By Jordan Young
Texas State and San Marcos have beautiful nature surrounding them for the community and tourists to enjoy. From Sewell Park to Purgatory creek, San Marcos has something for everyone to enjoy outdoors. Therefore, as a community protecting these outdoor areas and the wildlife that inhabits them is imperative.
Texas State is embarking on many construction projects across campus, analogous to the construction projects across Texas due to the influx of people moving to the state. These projects as a good sign of a booming economy and overall good for San Marcos and the state.
However, Texas State student Adriel Perez, a senior Wildlife Biology major, spoke up about an issue school leadership should note. Perez spoke about the lack of native greenery on campus and its impact on the local environment.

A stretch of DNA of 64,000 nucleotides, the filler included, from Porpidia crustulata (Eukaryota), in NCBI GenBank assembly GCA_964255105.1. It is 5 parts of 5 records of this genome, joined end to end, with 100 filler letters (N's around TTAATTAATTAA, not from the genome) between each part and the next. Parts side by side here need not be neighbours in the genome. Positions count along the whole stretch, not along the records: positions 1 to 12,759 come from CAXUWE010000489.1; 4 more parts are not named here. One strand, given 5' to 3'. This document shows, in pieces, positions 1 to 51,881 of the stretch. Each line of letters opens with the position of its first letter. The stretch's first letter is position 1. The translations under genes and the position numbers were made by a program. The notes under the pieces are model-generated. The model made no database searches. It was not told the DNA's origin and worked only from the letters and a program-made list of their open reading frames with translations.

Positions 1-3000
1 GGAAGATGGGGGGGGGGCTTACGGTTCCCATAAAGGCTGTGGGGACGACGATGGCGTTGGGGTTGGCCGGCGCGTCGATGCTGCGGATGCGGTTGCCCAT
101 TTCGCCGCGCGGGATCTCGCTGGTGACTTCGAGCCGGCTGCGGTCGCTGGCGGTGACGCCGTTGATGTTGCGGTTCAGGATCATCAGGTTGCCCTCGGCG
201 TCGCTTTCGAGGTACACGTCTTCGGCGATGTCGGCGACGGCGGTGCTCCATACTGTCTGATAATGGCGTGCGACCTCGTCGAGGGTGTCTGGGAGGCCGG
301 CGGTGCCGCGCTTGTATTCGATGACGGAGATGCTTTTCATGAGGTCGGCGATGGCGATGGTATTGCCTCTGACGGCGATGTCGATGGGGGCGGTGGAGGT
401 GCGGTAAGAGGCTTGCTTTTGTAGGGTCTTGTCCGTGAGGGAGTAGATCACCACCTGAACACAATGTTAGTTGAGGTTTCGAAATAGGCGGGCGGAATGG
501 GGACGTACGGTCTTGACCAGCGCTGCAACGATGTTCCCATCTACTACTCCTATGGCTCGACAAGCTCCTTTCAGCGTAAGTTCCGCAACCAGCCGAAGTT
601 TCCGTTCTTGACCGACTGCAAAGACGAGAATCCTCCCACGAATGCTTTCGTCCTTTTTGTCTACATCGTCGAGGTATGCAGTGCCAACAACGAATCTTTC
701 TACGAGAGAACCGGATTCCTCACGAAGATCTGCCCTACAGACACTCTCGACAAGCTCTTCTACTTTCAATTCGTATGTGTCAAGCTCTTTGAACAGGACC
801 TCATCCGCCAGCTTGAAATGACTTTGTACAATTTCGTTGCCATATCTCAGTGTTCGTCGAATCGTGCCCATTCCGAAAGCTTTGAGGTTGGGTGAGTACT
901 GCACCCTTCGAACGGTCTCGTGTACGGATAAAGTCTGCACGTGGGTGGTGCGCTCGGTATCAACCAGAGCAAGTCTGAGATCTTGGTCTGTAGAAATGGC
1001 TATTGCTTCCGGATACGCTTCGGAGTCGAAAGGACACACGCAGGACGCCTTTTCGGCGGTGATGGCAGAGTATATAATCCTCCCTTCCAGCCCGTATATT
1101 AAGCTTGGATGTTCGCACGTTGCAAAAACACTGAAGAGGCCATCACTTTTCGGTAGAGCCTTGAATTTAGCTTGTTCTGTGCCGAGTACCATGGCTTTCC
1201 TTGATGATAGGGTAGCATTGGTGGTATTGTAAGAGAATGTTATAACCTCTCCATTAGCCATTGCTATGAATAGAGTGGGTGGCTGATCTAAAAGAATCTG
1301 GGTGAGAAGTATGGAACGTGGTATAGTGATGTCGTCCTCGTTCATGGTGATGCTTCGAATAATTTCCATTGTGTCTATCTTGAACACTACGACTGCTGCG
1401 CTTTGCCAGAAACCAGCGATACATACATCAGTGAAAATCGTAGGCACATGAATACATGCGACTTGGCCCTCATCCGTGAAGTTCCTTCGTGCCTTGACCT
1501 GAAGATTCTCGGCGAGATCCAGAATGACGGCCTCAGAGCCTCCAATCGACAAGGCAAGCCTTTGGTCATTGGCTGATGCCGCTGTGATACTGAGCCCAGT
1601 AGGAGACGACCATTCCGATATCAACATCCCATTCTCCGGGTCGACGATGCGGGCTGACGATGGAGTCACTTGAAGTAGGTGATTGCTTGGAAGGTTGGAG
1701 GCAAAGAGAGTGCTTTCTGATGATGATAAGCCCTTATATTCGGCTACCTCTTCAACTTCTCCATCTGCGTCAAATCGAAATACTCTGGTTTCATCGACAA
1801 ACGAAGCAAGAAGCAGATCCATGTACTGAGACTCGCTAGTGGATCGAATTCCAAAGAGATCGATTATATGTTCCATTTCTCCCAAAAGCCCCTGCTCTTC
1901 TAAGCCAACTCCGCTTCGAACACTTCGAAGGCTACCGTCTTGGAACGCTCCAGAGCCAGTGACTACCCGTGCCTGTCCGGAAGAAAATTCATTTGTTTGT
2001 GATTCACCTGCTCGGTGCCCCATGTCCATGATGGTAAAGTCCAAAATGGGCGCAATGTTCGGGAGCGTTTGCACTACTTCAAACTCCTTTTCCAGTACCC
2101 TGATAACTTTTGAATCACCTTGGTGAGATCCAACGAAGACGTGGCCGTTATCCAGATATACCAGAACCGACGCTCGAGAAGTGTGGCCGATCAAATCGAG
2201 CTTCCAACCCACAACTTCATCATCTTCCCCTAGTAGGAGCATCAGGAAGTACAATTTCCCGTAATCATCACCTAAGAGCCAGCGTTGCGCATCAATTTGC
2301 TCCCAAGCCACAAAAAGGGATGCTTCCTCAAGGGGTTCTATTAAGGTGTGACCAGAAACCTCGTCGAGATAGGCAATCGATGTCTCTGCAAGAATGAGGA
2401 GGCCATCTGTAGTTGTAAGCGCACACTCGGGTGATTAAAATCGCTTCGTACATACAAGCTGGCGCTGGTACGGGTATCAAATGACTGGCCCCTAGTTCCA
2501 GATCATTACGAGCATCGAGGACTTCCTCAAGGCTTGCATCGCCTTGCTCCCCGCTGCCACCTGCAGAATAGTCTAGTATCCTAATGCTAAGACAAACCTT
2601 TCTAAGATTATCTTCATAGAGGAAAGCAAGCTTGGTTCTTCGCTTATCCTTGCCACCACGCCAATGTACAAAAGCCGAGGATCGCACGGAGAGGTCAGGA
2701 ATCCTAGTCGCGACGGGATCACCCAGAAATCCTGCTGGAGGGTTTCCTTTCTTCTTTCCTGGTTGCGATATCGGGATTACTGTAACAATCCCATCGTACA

“A lot of the grasses on campus are St. Augustine, Buffalograss, or Bermuda. These are invasive species in the San Marcos area,” said Perez. “Those grasses are not useful for grazing and foraging organisms. There’s also an issue of the lack of native flowers, which would bring in more pollinators for the area, such as bees.”
As Texas State students and residents of San Marcos, you may not be able to go around town planting native grasses and plants. However, as a community, we do have the power to stop harming marine wildlife in the river.
All across the country, the dropping of confetti symbolizes a celebration, from the Super Bowl to graduation. In San Marcos, the nature that everyone enjoys is fragile, and the traditional confetti is terrible for the environment.
“Microplastics from the glitter feed into the San Marcos river, the smaller vertebrates and invertebrates consume the plastics,” said Perez. “When that happens bigger organisms consume the smaller ones filled with microplastics, causing them to die.”
The nature surrounding campus is a significant factor in students deciding if Texas State and San Marcos will be their future home. So, the next time you are floating the river or celebrating a graduation, remember to protect the great outdoors.
Featured Image by Bandera Barter
Written by: ktsw899